“The dwarf, Dinz, sir,” the hobbit blurted. “You said to alert you if he and his human partner ever made good on their mining.”

Serraq closed the book and set it atop five others on the smoking-table to his side. “And…”

“They found a mithril load. In the mine they’ve been diggin’ in the Blue Mountains.”

“Well of course it’s the Blue Mountains, they’re the only ones around. What else do you know?” Serraq had instructed all those in his service to inform him of any events that might shift the stations of wealth in the town.

“It’s a pure vein. And, and they’re celebrating at the Sleeping Dragon.”

“Is that it?” The hobbit twitched his head yes. Serraq stood from his chair, startling the hobbit who once again stumbled on the carpet. “Next time, Puul, ask a few questions, squeeze a few throats and get me better information. Now go.”

“Y, yes sir. About..” the hobbit began.

“Geldon, return Master Puul’s things and award him, oh, three, no, two silver loons for his efforts.”

“Puul, before you go…” Serraq padded up quietly to stand three heads taller than the hobbit. He bent down, face to face, “make friends with the dwarf’s human partner. Tell him you know the whereabouts of the Sisters of Thessanir. I believe that might interest him, considerably.”

“But…” the hobbit said.

“Of course you don’t know. Only I know. But that should make no difference to the human.” Serraq said loudly, his voice throbbing in the close room.

Nodding and stumbling, Puul escaped from study, gathered his things and payment from Geldon and was gone, trotting awkwardly away on his billy.


To be continued…



Sleeping Dragon Inn & Tavern
Thisten, Dinz, Ooda, Josek, Puul, Serraq
Forland in
Forlindon province on the
Moon Bay in the
Gulf of Lune
West of the Shire and the
River Lune which descends through the
Blue Mountains (Ered Luin) North of
Harland in
Harlindon between the
River Lune and the
Brandywine river.



She squirmed at the mere mention of the word. The thought of their slick carapaces, their reaching antenna, their tiny mandibles working their wet grind back and forth. “Ooooh…” she shuddered, her shoulders quaking.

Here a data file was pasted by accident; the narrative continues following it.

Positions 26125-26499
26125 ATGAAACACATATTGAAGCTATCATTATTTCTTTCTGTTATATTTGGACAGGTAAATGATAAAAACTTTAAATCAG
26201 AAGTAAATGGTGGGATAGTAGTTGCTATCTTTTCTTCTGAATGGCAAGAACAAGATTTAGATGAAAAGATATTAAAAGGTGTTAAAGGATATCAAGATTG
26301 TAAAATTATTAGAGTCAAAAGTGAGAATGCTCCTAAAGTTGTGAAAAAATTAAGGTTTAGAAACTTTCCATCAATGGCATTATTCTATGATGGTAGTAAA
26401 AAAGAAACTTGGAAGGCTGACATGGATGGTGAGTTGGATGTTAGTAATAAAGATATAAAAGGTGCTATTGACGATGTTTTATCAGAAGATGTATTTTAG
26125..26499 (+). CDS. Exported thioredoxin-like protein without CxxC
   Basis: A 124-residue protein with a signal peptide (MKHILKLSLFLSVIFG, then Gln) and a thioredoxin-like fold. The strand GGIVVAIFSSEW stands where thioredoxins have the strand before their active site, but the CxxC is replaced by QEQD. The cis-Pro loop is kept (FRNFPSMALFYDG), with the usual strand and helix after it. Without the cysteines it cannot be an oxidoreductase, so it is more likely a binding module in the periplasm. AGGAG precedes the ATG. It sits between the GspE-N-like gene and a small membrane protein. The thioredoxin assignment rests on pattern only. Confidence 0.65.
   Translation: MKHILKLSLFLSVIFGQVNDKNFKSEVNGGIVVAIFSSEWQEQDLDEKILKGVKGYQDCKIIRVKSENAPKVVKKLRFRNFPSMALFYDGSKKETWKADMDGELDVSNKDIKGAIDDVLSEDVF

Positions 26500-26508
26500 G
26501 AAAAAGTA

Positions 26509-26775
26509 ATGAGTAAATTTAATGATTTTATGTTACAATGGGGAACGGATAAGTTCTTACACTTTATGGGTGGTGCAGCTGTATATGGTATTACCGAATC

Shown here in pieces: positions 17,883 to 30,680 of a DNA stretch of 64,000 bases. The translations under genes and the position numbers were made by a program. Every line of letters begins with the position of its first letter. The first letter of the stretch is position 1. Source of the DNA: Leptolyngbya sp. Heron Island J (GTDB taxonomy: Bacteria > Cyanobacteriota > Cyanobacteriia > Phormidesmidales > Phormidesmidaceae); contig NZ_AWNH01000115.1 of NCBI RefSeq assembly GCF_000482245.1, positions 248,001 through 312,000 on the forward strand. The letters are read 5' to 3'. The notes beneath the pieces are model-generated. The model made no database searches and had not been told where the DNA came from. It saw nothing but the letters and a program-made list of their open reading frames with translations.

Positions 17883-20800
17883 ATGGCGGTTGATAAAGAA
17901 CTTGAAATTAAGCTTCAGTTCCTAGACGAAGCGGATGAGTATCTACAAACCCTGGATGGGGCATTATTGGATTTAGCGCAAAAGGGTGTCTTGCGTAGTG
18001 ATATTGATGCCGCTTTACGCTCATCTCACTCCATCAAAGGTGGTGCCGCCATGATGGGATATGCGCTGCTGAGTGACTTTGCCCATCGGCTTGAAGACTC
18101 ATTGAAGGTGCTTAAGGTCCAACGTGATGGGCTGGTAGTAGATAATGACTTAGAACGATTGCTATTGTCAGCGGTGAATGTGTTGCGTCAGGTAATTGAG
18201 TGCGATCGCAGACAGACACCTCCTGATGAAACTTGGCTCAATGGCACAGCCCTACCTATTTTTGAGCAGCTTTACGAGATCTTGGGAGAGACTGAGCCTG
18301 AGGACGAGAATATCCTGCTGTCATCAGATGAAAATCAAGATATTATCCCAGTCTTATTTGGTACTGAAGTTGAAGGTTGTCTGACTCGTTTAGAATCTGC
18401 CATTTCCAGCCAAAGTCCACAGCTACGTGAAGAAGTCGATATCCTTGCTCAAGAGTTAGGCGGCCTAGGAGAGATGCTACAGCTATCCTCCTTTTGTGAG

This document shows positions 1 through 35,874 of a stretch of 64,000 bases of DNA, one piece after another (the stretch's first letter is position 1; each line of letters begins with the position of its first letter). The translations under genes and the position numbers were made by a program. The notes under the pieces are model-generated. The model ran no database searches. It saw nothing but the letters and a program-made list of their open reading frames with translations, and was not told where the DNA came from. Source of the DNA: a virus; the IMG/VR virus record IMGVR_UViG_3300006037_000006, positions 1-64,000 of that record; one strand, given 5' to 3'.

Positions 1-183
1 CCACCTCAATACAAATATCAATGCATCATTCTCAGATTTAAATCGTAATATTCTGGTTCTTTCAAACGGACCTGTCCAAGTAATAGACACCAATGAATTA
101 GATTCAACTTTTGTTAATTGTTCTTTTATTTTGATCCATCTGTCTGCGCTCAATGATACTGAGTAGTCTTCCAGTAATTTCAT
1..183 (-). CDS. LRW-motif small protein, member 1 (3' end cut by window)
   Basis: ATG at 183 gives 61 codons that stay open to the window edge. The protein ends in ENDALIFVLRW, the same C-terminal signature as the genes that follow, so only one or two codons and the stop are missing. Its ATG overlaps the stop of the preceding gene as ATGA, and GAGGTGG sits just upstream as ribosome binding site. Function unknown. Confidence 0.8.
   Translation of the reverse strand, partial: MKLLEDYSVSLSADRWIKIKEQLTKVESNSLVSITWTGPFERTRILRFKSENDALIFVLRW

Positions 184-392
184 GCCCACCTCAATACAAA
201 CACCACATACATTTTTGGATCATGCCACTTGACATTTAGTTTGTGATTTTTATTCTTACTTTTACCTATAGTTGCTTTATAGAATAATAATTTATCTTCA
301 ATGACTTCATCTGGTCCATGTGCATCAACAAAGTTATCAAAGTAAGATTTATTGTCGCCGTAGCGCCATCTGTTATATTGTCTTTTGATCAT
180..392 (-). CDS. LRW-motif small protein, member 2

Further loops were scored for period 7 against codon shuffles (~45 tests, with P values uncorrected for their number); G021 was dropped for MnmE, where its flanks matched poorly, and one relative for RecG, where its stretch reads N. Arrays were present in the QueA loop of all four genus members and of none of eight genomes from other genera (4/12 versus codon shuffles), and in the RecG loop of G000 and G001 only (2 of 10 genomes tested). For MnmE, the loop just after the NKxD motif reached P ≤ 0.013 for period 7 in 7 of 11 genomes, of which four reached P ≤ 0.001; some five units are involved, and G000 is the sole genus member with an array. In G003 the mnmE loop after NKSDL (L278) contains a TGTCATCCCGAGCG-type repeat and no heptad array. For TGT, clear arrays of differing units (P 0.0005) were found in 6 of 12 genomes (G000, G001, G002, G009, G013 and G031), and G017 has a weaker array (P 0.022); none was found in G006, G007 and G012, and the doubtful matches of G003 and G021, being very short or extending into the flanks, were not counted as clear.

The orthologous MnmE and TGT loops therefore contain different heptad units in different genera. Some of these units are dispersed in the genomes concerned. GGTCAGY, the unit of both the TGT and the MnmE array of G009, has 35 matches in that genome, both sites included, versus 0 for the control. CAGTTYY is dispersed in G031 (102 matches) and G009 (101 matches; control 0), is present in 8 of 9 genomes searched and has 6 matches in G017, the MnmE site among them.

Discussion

“I love em!” her partner declared to the draping green jungle. “Just imagine what the world would be like without them.”

“I do. Every time I roll up a newspaper and flatten one of their tiny bodies.”

“No, no. I mean if we didn’t have termites to decompose fallen trees. Or flies and bees to pollinate flowers. Or ants to churn the soils, beetles to breakdown ours or other fallen bodies, or, or, dragonflies, moths and butterflies to dab the skies with flecks of iridescent color: yellow, green, and blue; black and white and smokey grey.”

“All right. I’ll admit I would miss the butterflies. And honey.”

“See! Bugs are good. Of course, many human diseases are spread by insects: fleas and the plague; malaria, dengue, and yellow fevers spread by mosquitoes, and sleeping sickness by tsetse flies, Lyme disease by ticks.”

“And how about all the stinging  and biting insects like hornets and spiders eh?”

“Arachnids are bugs, but not insects, you know, technically.”

“Well, technically, I’m gonna stomp or squish any bug that gets even this close to me.” She held out her hand with two fingers separated by a gnat’s whisker.

“Aw, don’t be like that.” He reached down and picked up a dung beetle. “See this little guy here? He pushes around poop, and seeds get accidentally stuck into the ball of dung and when he buries it, those seeds sprout into some of the trees you see around you.” He swung his arms wide before returning the beetle to the jungle floor.

“I’m sure you read that in the brochure. Me, I’d rather live in space, a bug free space.”

“Theoretically speaking here.” He paused to get her attention. “Insect like creatures maybe some of the most common creatures in the galaxy if not the universe.” He reached to push a drooping frond from her face as they made their way back to camp. “Oww! Damn, that was a stinging centipede. I’m allergic to stinging centipedes…”